Saturday, a beautiful sunny day, with proper warmth in the air! It was a really lovely day, like summer had just popped up to say hello! I spent the day wandering around the city, enjoying the sunlight and the fresh air. Marta and I ended up back in Cafe Vincent, we had planned to go to the is fish place called Top Fish, but it was full with people, like most places. We were really lucky with Cafe Vincent, managing to nab a seat as some people left. I had a really great Salami and Mozzarella baguette and some orange juice. It was very good, one of those baguettes with proper substance to them, nice and chewy, and warmed up a bit too. We scoffed those down and then carried on our sunny walk.
We walked and then sat in the university grounds on a bench in the sunshine for a while, until some neddy characters turned up and decided to stare at us until we decided to leave, what is with some people some times, they are just out to spoil other people’s enjoyment, I have never understood that. Anyway, we started to wander again, then bought a cartoon on Green Grapefruit Juice and went to sit by the river. The bank has large steps built onto parts of it and there were loads of people out enjoying the sunshine. It was a lovely atmosphere, people buzzing up and down on their bicycles and rollerblades. We sat there for a while until it started to get a bit cold as the sun went down and then we attempted to go home. This took us aaaaages! We got on a tram, then, with the intention of speeding up or journey home, got off at the Metro stop and went down to the platform. What a mistake, engineering works were happening which meant we could only get a train two stops, then we had to get off, get another train another two stops, from the opposite platform, then get off again and go home. This whole fiasco took about two hours in the end! There was loads of confusion about which platform to be on and when and why. I’m glad I wasn’t alone, I think I would of ended up in Siberia or something!
Sunday, and another great sunny day. I went to the flea market up at Kolo, on Obozowa street. This was full of stuff, much of it bric-a-brac and junk, but it was a good experience, lots of good faces and banter going on. I bought a little badge that the stall holder described as junk, which it probably is, but then, aren’t all badges really?? We walked up and down the stalls for a while. I took a few photographs, and was glad that I hadn’t photographed one stall, as I saw a girl trying to and then the stallholder come bowling towards here waving his arms at her camera in anger. That was a lucky escape, for me, and for her camera which remained intact.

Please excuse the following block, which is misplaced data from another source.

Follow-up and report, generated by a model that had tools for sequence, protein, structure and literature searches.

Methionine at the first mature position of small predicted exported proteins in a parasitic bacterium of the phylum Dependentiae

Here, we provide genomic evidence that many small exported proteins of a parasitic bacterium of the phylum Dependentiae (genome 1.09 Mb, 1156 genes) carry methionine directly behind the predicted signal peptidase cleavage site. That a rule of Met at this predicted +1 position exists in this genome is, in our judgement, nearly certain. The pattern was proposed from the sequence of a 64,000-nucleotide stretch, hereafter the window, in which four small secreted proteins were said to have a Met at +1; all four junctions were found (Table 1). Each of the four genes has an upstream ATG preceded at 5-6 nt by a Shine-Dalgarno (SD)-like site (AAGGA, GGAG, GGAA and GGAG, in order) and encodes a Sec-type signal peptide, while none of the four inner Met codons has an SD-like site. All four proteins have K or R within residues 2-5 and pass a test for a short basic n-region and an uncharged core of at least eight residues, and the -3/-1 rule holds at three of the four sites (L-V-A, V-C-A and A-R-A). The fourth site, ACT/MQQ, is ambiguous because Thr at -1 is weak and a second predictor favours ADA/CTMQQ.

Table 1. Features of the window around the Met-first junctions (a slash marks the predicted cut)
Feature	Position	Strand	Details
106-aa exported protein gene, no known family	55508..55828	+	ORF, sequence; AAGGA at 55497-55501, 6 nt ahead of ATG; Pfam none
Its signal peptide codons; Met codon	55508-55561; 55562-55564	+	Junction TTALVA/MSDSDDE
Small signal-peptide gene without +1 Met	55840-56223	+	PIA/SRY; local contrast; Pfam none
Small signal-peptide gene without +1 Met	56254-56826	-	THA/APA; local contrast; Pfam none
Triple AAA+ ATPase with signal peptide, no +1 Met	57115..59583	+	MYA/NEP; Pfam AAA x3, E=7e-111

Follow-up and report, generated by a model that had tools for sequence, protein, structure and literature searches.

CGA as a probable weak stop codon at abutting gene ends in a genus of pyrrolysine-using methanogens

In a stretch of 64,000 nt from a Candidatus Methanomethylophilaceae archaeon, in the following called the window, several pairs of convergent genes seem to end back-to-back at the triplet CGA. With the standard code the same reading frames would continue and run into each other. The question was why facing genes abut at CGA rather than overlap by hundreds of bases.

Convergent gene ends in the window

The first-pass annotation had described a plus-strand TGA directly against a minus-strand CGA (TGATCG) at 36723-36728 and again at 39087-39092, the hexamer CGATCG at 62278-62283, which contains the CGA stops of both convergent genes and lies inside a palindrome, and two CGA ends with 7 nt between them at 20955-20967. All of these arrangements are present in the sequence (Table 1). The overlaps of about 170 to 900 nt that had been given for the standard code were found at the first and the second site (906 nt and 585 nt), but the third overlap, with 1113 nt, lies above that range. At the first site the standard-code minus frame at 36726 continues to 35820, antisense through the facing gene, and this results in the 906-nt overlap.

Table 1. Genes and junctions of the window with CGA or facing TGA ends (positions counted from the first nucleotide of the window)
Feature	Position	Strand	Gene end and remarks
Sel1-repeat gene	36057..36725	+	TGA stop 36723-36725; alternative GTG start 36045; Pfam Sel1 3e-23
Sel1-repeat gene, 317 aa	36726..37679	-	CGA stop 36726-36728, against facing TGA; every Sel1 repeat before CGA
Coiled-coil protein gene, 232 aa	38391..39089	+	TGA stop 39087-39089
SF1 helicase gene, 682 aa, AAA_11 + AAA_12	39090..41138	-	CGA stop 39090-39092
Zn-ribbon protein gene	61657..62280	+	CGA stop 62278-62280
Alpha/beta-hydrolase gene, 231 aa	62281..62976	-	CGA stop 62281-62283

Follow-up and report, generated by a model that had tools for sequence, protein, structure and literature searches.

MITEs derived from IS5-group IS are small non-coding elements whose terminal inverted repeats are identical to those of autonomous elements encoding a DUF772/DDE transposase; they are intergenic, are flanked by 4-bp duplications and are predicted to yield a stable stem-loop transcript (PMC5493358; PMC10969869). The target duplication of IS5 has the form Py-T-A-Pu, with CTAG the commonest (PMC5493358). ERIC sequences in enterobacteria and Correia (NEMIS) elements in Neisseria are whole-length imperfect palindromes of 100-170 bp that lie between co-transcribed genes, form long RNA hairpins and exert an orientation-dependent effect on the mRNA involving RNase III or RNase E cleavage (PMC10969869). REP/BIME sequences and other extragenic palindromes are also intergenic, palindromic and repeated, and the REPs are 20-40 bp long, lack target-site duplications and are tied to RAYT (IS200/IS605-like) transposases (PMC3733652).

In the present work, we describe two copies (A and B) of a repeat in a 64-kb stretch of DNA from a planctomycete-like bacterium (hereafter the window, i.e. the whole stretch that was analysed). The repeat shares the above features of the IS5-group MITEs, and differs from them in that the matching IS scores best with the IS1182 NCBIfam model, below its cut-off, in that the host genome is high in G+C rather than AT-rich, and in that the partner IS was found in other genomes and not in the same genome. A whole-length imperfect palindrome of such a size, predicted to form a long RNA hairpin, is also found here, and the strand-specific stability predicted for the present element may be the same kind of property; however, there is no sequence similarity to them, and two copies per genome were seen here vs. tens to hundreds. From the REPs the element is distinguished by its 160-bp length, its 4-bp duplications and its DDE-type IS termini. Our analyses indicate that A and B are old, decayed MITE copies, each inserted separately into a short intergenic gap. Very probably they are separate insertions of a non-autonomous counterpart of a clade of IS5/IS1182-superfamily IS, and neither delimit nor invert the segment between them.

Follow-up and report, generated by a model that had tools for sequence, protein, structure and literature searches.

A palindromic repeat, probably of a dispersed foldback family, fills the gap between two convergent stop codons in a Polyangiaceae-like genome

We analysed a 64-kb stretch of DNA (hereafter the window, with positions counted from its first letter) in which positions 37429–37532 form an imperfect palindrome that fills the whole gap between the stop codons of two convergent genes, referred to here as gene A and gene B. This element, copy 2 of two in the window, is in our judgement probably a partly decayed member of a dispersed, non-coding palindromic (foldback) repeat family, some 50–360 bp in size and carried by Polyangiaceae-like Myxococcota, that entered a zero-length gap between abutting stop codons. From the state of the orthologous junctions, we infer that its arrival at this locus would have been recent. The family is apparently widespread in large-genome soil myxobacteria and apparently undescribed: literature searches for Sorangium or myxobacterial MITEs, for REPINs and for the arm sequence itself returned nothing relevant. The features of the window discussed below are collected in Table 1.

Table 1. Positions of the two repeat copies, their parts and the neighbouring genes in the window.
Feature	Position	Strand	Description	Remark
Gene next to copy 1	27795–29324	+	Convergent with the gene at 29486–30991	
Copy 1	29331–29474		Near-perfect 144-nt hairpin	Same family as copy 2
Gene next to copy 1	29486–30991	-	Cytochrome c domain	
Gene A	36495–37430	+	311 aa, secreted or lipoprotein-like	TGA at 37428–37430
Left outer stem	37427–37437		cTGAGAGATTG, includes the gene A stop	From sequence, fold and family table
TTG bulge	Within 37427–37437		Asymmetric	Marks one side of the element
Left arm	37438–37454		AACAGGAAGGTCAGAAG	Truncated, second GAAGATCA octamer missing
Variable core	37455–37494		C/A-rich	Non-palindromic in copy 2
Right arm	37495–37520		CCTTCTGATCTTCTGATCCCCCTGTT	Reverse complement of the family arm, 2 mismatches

We then met up with Carolina again, and her boyfriend, another Michael from Scotland (though this one was born and bred). We then headed to the Jewish Cemetery, where Marta was meeting a friend. Her friend is part of a scheme that is currently trying to clean up and restore parts of the cemetery as it is in a rather sorry state. The place is really massive though, so it is little surprise. We wandered around the graves for a while, it is reminiscent of the graveyard in Krakow, although much much larger and there is a little bit more space between the gravestones. The sun was still shining down, and a small breeze was waving the tall, thin tree trunks gently back and fourth. The place is very peaceful, and in the sunshine very serene.
After a while there, meeting Marta’s friend and talking and her showing us some of her favourite and some of the most famous stones, we left and went to get something to eat, sadly just some fast food in the Arcadia shopping mall. Then we got a tram to the New Town area, and walked south into the old town, people watching, the other Michael taking cheeky pictures of girls who took his fancy, a 50/50 mix of people who seemed flattered and some who were less so, and a few that pretending to be annoyed but with a rye grin on their faces. We ended up in BrowArmia, a pub that brews it’s own beers and has a terrible live singer stuck in the window, in a vain attempt to draw in more punters. If I were them I would stick to radio warsaw….